Guest
Robert Straub
11 years 1 day ago

It may seem like much ado about nothing to the casual observer, but here in Portland I shop at both Whole Foods and their local competitor, New Seasons. There is definitely a difference between the two retailers, and I would be saddened to see Whole Foods acquire New Seasons. A national chain is not local no matter how good their intentions.

David Biernbaum
Guest
11 years 1 day ago

I definitely can understand why Greenlife consumers would be concerned about an acquisition by Whole Foods. I’m a fan of what Whole Foods is doing, however, it’s not the same model as what Greenlife is doing.

Ben Ball
Guest
11 years 1 day ago

Greenlife has done a better than average job of living the “buy local” mantra and their clientele, while eclectic, is very loyal and supportive of that “it’s our store” feeling. If Whole Foods messes with that they will have wasted their money.

Gene Detroyer
Guest
11 years 1 day ago

Why would WF keep the Greenlife banner unless they were going to operate it independently? Assuming they are going to operate it independently, the Greenlife banner makes no sense. These two stores will be Whole Foods in every way but the name on the stores. As soon as someone realizes how much cheaper Whole Foods grocery sacks are, the name will change.

No matter “Whole Foods” or “Greenlife,” customers will gain by all the positives noted in the article. On the negative side, customers might not get that “warm fuzzy feeling.”

David Livingston
Guest
11 years 1 day ago

I agree with Paula; Whole Foods makes things better. Don’t lose any sleep.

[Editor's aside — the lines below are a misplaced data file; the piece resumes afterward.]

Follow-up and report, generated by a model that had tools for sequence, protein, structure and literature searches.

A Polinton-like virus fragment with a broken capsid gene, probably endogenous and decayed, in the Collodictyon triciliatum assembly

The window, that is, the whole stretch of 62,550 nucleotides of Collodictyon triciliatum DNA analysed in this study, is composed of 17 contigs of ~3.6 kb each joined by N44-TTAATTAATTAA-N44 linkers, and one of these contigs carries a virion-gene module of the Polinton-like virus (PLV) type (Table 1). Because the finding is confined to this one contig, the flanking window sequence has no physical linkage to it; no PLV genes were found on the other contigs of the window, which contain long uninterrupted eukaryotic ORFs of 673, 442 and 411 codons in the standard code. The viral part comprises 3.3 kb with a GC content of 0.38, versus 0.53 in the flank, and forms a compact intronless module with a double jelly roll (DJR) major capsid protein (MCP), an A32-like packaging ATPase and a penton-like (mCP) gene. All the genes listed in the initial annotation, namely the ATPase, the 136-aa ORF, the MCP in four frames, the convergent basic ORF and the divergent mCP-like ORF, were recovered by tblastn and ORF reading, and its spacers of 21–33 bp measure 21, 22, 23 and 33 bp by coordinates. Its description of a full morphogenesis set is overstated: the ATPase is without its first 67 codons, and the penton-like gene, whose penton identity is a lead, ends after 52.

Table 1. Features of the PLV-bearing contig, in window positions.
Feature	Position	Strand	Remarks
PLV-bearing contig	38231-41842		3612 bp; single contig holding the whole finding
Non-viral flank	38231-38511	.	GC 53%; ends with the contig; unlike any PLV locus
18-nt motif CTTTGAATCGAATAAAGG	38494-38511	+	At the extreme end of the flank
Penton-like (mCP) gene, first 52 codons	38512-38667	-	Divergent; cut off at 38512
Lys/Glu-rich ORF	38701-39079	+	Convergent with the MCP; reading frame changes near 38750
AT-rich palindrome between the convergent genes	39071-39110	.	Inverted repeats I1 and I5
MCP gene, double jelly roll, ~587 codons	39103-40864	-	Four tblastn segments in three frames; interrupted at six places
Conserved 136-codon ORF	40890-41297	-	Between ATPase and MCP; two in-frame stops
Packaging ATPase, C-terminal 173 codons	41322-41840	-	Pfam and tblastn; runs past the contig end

Kai Clarke
Guest
11 years 21 hours ago

This is part of business, and frankly a good part. A successful local business is being acquired by a similar successful national one. They both embrace the same concepts, culture and customer appeal. There are advantages to the largess that WF offers, and this appears to be a win/win for everyone.

Ed Dennis
Guest
Ed Dennis
11 years 2 hours ago

I think it’s wonderful that the ownership of Greenlife has been able to reap the rewards of years of honest work by selling their creation. The fact that WF is the buyer is a bonus. Let’s all remember we live in America. For the time being it is still possible to build a business and sell it for a profit. I hope the owners of Greenlife never have to worry about working again. For all the whiners, I say to you that if things aren’t the way you want them to be then you start a business that delivers products and service the way you think it should be done. But, don’t ever begrudge a man his rewards for HIS hard work. No one ever opened a store with the objective of pleasing you–only you can do that!